Back in February of 2011, word spread that there was a play at the Alisal Center for the Fine Arts by members of Salinas political theater group Baktun 12. It was called reAlisal: Your Neighbor’s Story. It was gleaned from interviews with about 40 residents of the Alisal, or East Salinas. Three of the Baktun 12 – co-founder Luis “Xago” Juarez, his brother Jesus Juarez, and Javier Tamayo – played all the parts, a flurry of quick changes of costumes, wigs, voices and physicality, packed with comedy and pathos.
The inspiration for Your Neighbor’s Story, and, more broadly, for Baktun 12, came from two places, says Xago.
“Anna Deavere Smith [did] a solo piece, something on PBS, that really grabbed my attention,” he says. Smith won a MacArthur Fellowship for her decades of political theater work. “I think when things fall apart,” she told PBS, “[as an artist] you can see more and you can even be part of indicating new ways that things can be put together.”
The other source of inspiration came from a pioneering trio of Chicano theater performers known as Culture Clash; they operate by doing interviews with people in a community and spinning them into theater they call “urban excavation.”
“They created this piece [I saw in 1996] called Radio Mambo: Culture Clash Invades Miami,” he says. “Blew my mind. Since then, I always had that dream to do one on East Salinas. A people’s history.”
Xago (pronounced “Chago”) helped form Baktun 12 in 1997, melding “Chicano-flavored street theatre, poetry and hip-hop” with “urban politics… and guerrilla theatre.” In 2009, Cal Humanities awarded Baktun 12 a grant to collect stories from East Salinas for a theater project. In 2011, Building Healthy Communities of the California Endowment approached and awarded funding to continue the work. That became reAlisal: Your Neighbor’s Story.
“It was really successful,” he says. “There are people who still recognize us for that work, asking when the next one’s going to be.”
(Cornerstone Theater Company, from L.A., did their own version at the Bread Box last summer called Plumas Negras.)
The second installment in the series begins this Thursday. It’s called reAlisal: Stories de Acosta Plaza. It’s focused on one section of the Alisal neighborhood that’s home to a 400-unit complex opened in 1969 called the Laurel Townhouses, but otherwise known by the street that winds through it, Acosta Plaza.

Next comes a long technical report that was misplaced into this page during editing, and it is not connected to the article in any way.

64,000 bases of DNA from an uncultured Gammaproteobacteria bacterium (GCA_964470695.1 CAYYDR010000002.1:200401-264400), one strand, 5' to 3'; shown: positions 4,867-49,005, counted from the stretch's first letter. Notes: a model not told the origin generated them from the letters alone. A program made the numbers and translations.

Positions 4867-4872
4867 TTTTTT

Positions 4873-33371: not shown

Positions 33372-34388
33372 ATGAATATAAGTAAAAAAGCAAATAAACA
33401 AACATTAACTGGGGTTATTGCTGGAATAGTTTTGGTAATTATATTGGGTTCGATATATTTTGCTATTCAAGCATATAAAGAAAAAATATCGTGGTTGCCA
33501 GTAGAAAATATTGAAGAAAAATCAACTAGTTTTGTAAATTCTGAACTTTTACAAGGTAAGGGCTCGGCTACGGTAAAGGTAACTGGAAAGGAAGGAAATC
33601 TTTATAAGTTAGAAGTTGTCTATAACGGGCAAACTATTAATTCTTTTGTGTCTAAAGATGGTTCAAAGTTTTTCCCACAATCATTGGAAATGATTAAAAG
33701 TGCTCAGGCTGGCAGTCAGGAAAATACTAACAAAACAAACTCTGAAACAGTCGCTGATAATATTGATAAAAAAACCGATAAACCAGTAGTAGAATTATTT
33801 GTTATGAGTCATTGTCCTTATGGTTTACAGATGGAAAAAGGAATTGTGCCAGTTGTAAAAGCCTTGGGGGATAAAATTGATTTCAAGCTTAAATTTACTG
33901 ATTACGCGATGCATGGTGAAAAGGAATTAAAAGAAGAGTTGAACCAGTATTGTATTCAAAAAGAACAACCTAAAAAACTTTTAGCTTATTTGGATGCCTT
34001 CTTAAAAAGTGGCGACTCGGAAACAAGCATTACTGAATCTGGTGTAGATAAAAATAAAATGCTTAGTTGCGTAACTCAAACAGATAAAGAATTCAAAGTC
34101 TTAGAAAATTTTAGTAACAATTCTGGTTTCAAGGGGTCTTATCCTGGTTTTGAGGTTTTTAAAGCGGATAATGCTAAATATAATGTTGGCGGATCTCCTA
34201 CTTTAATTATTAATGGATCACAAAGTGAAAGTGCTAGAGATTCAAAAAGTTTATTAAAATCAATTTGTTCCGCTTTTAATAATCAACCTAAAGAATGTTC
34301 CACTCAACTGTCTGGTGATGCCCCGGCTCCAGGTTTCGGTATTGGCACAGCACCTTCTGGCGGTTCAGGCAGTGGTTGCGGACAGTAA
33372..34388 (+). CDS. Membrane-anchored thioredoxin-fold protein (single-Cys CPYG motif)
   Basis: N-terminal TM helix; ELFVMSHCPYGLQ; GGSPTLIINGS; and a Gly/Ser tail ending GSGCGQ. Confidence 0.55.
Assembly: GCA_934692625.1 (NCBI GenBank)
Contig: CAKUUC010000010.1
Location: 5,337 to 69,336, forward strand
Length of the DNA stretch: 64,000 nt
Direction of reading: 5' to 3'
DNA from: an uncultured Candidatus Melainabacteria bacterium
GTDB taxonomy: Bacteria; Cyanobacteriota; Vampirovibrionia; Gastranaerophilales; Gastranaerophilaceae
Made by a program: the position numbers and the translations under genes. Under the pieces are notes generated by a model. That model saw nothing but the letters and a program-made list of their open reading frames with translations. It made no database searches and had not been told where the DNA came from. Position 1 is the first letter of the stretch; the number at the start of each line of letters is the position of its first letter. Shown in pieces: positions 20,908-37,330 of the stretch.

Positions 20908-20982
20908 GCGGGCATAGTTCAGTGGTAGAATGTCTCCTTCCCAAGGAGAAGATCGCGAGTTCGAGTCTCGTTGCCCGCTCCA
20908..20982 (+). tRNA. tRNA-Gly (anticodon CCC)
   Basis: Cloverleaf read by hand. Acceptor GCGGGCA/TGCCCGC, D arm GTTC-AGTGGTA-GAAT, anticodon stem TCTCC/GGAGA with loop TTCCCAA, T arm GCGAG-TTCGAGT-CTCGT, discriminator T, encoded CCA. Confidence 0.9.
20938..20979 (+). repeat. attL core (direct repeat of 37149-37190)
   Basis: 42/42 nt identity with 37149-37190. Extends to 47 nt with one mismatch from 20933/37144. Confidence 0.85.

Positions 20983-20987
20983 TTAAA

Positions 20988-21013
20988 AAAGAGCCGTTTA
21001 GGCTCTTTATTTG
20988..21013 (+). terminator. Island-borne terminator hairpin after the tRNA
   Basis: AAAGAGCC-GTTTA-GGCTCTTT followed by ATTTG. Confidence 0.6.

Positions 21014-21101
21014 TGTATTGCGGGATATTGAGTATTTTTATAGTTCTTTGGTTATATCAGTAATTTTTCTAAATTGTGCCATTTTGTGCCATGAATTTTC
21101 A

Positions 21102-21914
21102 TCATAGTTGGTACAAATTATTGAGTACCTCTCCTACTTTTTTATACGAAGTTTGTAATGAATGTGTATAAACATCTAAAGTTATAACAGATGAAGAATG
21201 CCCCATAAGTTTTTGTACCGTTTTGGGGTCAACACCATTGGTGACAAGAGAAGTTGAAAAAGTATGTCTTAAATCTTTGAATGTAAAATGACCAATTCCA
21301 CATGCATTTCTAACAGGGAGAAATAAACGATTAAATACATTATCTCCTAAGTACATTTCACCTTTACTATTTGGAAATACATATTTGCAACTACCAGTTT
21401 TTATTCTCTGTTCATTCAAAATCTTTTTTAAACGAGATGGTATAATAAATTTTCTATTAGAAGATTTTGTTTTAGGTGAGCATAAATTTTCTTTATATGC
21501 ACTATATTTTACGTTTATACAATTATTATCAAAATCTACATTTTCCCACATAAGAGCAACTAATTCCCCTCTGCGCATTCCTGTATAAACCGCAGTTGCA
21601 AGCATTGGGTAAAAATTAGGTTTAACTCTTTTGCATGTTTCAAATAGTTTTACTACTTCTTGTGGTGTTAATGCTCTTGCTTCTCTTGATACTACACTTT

It’s written by Xago and produced and directed by him and David Alvarez and Carlos “Quiensave” Cortez. It’s acted, this time, by community members – 12 of them, ages 8-41 – but it was created in the same way as the first work. First, research, in this case kids from Artists Ink, a media collective, and El Teatro Alisal, led by Baktun 12 member and former journalist Marcos Cabrera.
“We found out that between 1999-2012, 250 articles and reports, TV and print, were produced about Acosta Plaza and they had to do with crime, violence, some kind of negative experience,” Xago says. “Out of those, only 10 had to do with something positive. Too many times we let the media outlets [tell our stories].”
The Teatro Alisal team conducted and recorded interviews – oral histories.
“That community was very guarded, very leery of outsiders,” Cabrera says. “The people were very upfront about the perceptions of that community. A lot of them are working-class parents trying to provide for their families.”
Those stories Xago weaved together into a narrative, sometimes taking artistic license to “help frame the story,” sometimes using pieces from the recorded interviews wholesale, and keeping the names intact in all but two of the characters. One story is of Rachel Torres, a single mother of four who advocated for kids from Acosta Plaza to attend Everett Alvarez High School. In one scene in the play, she and her Neighborhood Watch crew confront Isaac (in his flashback) and his friends who are partying too loudly.
Isaac: They were always trying to roll up all hard on us, telling us to –
Neighborhood Watch: Take it inside!
That theater action, coming to the Bread Box stage of the Alisal Center for the Fine Arts, actually happened a short walk from that stage – Acosta Plaza is right behind the Bread Box. Part of the purpose of the play is to support community activism and self-determination in the neighborhood; Xago says a “profound disconnect” of the owners of the buildings has lead to neglect, and that public perception is coloring reality.
“It does have a psychological impact on a community,” Xago says, “if you’re told so many times you’re violent, dangerous, illegal, sick. You start to believe that.”
The groundwork in place, the series is now growing ambitiously. Xago plans to roll out more plays. In the spring of this year comes a collaboration on a play written by Salinas’ Mike Roddy called Bracero; another, slated for the summer, is reAlisal: Your Neighbor’s Story, Part 2. Telling the story of the life of a person is a big task. Telling the story of the life of a neighborhood must feel formidable.
“Even in this project I barely scratched the surface,” Xago says.
reAlisal: Stories de Acosta Plaza runs 8pm Jan. 16-17 and 23-24, 2pm and 8pm Jan. 18, and 2pm Jan. 25 at Alisal Center for the Fine Arts, 745 N. Sanborn Road, Salinas. Free; donations accepted. 510-967-8579, firstname.lastname@example.org.